Media Production Mentoring

Free online film school designed with beginning filmmakers in mind.


Image Inspiration: Contemplative Cop

Elsa Pataky in Fast Five

 ~Luke Holzmann
Your Media Production Mentor


In Your Own Backyard

I live in a typical suburban neighborhood. As a location for filming, it's rather dull. We even have white picket fences...

White Picket Fence

But while my wife and I were out on a walk, we decided to wander down some of the back alleys between the houses one block over. And there I discovered worlds of potential shooting locations. Our modern suburban streets vanished as we entered what felt like a rural landscape from decades long past.

Overgrown Greenery

Barren Dirt Roads

There may be exotic locations in your own backyard if you keep your eyes open.

On a related note: Sometimes we pass on a location because the familiar and common seem boring and repetitive. I had one film student tell me he couldn't bear to shoot another video on his college campus. "All the films look the same," he complained. "It's so obvious that you're shooting at the school."

...and, sure, if the only people who will ever see your movie are intimately familiar with a location, maybe don't use it. But if your audience is larger than the seven people with whom you shoot videos--it is because you can share your videos online--then familiarity doesn't matter.

In fact, some major motion picture directors like using the same location. Andrew Niccol has used the Sepulveda Dam in more than one of his movies.

 ~Luke Holzmann
Your Media Production Mentor


Unhappy Angles

I recently buzzed through a rather horrible movie full of uninteresting, annoying, bothersome, despicable, morally repugnant, lame, boring characters in a world as equal to the aforementioned failures. But I did notice that there was one insightful shot in the movie... not a very good shot, mind you, but insightful. The shot was this:

Unhappy Angle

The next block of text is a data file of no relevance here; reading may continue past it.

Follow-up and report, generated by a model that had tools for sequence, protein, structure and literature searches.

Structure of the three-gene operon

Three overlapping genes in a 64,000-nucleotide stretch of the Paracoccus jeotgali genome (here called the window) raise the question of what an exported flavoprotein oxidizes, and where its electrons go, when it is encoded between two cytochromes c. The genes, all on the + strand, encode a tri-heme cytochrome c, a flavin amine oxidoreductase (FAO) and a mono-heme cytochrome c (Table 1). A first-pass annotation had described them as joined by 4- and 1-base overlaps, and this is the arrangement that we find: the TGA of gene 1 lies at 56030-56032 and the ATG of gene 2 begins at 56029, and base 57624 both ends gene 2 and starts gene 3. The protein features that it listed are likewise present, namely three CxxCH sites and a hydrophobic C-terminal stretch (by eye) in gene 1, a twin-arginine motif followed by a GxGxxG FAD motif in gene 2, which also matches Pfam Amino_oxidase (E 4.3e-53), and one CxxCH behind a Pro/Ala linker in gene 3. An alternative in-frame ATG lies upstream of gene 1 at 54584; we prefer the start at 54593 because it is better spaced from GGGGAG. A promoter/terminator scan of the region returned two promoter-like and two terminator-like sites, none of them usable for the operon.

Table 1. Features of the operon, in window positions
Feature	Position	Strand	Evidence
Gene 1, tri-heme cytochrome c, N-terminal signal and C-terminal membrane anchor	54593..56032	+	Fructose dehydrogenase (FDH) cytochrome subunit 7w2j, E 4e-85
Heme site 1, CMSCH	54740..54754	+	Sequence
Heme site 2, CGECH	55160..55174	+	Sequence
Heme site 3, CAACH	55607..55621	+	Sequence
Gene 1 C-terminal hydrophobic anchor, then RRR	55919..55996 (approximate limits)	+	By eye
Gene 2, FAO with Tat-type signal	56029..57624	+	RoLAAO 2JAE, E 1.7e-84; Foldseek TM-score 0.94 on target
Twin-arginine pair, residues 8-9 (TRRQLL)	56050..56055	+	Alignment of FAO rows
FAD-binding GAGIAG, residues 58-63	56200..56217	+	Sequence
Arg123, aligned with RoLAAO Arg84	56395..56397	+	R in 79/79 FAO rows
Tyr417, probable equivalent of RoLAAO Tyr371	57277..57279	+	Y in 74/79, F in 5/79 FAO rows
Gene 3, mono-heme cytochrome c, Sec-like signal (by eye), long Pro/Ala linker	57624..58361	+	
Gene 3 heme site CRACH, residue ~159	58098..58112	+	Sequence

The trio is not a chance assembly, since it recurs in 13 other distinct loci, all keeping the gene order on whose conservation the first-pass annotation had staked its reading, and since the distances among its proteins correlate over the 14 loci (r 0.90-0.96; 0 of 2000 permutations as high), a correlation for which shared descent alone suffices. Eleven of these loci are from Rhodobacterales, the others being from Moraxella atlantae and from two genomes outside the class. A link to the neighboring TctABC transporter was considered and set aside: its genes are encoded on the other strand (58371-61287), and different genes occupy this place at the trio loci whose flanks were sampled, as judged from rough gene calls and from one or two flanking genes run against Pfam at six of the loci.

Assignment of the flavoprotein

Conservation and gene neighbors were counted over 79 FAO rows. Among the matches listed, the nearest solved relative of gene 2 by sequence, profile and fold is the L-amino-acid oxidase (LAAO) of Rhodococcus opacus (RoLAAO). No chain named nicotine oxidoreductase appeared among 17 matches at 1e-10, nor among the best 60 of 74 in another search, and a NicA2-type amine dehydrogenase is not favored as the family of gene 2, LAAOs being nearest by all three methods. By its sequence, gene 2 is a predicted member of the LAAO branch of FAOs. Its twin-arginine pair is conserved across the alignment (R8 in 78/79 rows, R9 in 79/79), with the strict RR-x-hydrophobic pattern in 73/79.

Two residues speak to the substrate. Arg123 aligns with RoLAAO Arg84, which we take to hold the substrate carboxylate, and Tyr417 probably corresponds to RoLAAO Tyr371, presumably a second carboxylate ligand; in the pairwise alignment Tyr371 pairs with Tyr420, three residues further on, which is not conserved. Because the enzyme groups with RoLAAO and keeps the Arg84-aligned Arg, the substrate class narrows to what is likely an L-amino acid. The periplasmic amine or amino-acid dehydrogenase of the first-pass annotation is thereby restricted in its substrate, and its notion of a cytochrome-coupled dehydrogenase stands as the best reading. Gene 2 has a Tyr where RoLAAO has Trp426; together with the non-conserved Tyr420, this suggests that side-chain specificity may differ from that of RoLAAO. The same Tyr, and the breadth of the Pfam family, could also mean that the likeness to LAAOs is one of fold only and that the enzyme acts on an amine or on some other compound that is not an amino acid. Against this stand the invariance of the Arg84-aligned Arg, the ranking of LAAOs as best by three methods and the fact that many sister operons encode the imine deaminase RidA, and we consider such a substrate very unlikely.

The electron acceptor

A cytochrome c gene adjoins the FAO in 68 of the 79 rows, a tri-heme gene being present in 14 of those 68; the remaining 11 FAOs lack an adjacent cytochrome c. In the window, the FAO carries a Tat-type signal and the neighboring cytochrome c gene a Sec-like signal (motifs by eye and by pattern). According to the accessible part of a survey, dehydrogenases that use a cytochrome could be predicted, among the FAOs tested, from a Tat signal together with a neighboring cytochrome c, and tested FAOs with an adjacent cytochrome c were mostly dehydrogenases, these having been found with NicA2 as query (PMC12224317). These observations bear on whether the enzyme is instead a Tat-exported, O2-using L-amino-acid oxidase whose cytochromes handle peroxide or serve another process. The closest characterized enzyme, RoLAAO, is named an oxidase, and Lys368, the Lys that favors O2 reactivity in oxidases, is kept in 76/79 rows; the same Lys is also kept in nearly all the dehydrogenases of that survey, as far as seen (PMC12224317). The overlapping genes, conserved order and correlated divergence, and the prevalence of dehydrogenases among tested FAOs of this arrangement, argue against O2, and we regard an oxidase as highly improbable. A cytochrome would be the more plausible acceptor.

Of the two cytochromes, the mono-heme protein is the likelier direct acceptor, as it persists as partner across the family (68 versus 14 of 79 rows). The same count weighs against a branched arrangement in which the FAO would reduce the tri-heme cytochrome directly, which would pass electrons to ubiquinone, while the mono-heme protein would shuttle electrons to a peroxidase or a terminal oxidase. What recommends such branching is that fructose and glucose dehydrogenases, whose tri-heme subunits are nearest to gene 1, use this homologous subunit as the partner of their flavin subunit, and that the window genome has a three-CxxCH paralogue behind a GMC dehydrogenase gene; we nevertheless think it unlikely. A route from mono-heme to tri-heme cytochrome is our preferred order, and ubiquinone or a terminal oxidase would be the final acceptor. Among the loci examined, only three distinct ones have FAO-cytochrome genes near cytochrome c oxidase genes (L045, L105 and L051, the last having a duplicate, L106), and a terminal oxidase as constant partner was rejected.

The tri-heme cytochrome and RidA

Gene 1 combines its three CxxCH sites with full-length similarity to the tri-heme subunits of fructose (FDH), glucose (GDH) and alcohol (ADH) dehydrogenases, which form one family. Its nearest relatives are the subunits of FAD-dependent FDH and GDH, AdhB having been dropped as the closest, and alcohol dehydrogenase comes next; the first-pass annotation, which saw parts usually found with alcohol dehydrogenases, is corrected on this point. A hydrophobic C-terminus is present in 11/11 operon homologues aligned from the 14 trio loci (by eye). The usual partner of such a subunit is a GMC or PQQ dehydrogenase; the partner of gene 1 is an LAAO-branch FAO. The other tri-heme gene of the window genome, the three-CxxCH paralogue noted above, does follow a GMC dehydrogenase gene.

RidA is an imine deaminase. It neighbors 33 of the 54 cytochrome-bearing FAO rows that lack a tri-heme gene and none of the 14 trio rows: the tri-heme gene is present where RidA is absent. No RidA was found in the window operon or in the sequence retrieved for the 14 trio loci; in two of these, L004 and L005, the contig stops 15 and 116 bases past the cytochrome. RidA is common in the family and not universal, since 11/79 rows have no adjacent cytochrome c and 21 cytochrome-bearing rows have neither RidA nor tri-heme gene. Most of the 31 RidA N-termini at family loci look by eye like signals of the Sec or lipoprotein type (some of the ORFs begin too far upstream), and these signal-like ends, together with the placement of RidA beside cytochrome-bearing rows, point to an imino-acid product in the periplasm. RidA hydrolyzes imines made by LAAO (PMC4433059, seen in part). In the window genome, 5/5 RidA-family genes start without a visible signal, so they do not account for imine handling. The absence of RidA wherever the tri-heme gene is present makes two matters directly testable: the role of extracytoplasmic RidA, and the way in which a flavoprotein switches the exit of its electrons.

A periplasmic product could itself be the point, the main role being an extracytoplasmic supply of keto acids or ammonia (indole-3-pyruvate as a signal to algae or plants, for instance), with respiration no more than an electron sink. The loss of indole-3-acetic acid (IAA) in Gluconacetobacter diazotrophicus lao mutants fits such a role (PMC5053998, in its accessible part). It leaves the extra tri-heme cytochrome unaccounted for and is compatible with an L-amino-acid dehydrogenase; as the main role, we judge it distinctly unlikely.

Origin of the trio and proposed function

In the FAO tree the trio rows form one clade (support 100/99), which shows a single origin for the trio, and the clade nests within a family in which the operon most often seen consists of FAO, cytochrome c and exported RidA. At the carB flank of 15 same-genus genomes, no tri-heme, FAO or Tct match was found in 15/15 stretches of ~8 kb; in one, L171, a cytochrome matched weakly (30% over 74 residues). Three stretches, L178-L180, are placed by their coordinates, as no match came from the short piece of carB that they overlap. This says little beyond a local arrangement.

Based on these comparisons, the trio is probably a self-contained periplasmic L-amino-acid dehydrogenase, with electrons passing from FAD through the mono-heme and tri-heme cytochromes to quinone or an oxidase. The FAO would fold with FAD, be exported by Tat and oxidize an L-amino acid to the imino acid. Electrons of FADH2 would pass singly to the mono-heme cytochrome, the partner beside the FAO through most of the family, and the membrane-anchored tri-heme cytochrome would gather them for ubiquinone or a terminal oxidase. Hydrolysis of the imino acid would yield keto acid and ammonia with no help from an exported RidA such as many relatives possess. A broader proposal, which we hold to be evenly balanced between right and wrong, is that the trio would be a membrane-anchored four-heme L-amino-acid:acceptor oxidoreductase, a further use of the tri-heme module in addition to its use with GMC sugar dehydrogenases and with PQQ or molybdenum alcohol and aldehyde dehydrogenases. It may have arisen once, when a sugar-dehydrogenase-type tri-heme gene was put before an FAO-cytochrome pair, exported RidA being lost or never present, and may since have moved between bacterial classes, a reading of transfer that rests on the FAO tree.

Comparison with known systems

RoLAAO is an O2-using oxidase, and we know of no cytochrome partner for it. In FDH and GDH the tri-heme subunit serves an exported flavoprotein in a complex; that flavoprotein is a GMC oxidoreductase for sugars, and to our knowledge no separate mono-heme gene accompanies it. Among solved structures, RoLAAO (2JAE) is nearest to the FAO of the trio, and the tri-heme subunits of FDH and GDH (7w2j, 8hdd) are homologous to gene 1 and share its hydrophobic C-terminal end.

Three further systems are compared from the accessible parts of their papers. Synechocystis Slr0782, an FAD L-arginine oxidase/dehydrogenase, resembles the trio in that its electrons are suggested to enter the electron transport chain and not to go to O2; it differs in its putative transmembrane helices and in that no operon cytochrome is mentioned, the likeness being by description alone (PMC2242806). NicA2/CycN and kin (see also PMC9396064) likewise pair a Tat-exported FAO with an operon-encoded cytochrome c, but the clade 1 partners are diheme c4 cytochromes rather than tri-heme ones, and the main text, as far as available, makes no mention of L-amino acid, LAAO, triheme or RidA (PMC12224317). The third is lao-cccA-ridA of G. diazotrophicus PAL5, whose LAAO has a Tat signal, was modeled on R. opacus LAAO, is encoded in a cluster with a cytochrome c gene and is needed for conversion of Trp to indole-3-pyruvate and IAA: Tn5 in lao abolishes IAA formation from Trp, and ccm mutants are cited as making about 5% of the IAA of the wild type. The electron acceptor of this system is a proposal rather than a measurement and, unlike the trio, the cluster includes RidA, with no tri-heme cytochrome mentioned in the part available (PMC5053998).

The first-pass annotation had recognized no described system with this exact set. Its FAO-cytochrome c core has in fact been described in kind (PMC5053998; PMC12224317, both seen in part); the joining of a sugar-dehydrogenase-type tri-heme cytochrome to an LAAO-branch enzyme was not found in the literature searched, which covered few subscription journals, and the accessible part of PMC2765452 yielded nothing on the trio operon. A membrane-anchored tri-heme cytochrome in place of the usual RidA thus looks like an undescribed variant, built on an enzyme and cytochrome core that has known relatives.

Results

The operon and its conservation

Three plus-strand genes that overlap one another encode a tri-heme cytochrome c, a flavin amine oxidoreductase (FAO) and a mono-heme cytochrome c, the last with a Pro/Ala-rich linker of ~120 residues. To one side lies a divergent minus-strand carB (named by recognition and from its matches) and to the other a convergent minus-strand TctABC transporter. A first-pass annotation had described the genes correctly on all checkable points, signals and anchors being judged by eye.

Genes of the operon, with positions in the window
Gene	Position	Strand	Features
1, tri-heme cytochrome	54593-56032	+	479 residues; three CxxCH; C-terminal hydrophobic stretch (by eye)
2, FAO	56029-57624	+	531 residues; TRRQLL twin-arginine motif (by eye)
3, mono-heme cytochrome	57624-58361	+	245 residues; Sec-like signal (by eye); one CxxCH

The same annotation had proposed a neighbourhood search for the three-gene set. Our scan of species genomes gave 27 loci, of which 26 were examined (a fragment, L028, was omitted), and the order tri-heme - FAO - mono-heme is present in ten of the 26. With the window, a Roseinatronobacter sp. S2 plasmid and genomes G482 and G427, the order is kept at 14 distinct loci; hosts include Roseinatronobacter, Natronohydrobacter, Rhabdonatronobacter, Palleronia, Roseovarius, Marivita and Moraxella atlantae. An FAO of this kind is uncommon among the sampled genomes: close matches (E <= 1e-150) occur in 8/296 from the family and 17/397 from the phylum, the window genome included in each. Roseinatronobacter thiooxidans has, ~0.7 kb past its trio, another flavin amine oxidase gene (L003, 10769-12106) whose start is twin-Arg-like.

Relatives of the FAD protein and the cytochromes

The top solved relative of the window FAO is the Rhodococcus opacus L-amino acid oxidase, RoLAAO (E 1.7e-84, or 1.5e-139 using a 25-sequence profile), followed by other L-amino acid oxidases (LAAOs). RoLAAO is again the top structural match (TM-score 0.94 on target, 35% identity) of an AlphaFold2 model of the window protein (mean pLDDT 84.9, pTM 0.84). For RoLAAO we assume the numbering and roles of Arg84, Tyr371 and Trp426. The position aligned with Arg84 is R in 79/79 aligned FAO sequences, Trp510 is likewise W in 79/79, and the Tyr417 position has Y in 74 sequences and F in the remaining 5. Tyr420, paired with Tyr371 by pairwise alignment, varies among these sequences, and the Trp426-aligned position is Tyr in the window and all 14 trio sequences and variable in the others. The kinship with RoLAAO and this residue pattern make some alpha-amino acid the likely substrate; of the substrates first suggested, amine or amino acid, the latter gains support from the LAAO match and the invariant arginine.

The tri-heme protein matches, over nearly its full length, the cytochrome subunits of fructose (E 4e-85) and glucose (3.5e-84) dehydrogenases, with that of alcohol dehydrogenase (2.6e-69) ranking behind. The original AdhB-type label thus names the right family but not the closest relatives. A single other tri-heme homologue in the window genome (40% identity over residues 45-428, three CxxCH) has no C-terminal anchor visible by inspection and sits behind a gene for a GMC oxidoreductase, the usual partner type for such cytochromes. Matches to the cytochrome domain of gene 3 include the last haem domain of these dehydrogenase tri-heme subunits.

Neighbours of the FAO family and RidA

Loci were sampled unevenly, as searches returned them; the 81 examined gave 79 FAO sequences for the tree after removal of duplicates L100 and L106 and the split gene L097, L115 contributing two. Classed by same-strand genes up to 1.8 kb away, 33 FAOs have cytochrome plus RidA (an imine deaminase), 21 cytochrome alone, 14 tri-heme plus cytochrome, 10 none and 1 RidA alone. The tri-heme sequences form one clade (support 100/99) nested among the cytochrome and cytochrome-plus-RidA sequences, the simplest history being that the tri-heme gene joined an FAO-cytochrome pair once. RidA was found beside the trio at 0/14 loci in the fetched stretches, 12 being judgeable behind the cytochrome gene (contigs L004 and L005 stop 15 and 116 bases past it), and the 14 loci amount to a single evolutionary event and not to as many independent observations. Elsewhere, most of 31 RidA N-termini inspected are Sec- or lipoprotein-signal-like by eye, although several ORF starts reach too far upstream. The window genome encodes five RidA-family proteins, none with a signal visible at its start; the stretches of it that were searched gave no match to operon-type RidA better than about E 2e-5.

Granted, the actors--playing unhappy and miserable characters--do a good job seething at each other. But what really sells this moment is the way the scene is askew. We're given a dutch angle, where the whole world feels tiled around our characters. Nothing is okay.

Orson Wells, of course, did an even better job with far more subtly in Citizen Kane, such as this moment with Kane and his wife:

Unhappy Couple

How you frame, move, light, and otherwise execute a scene can give your audience powerful insights into what's happening within your characters. But if you set out to make an artsy, navel-gazing, drawn-out character study, please, please, please make your characters interesting and your story compelling. All the fancy angles in the world can't save you from tedium and an unhappy audience.

 ~Luke Holzmann
Your Media Production Mentor


Vanishing Extras: Keep Scenes Simple

The family sits down for a nice brunch. The boys sit on either side of their mother.

The Boys

Less than a minute later, they've vanished.

No Boys

What happened?

I'm guessing one of two things. Either:
1. The boys, working under child film laws, could no longer work for the day but the shoot had to go on. Or...
2. Originally, the script contained a moment where the boys were ushered away--to save time, money, and a potential problem with child labor laws above--and that moment was edited out of the scene.

This kind of thing happens frequently. And, honestly, the audience doesn't care, assuming they notice in the first place. But such situations should serve as a reminder: Always keep your scene as simple as possible. Do we need the children? Probably not. We could have had two less bodies on camera, helping speed the process along, and keeping the scene focused.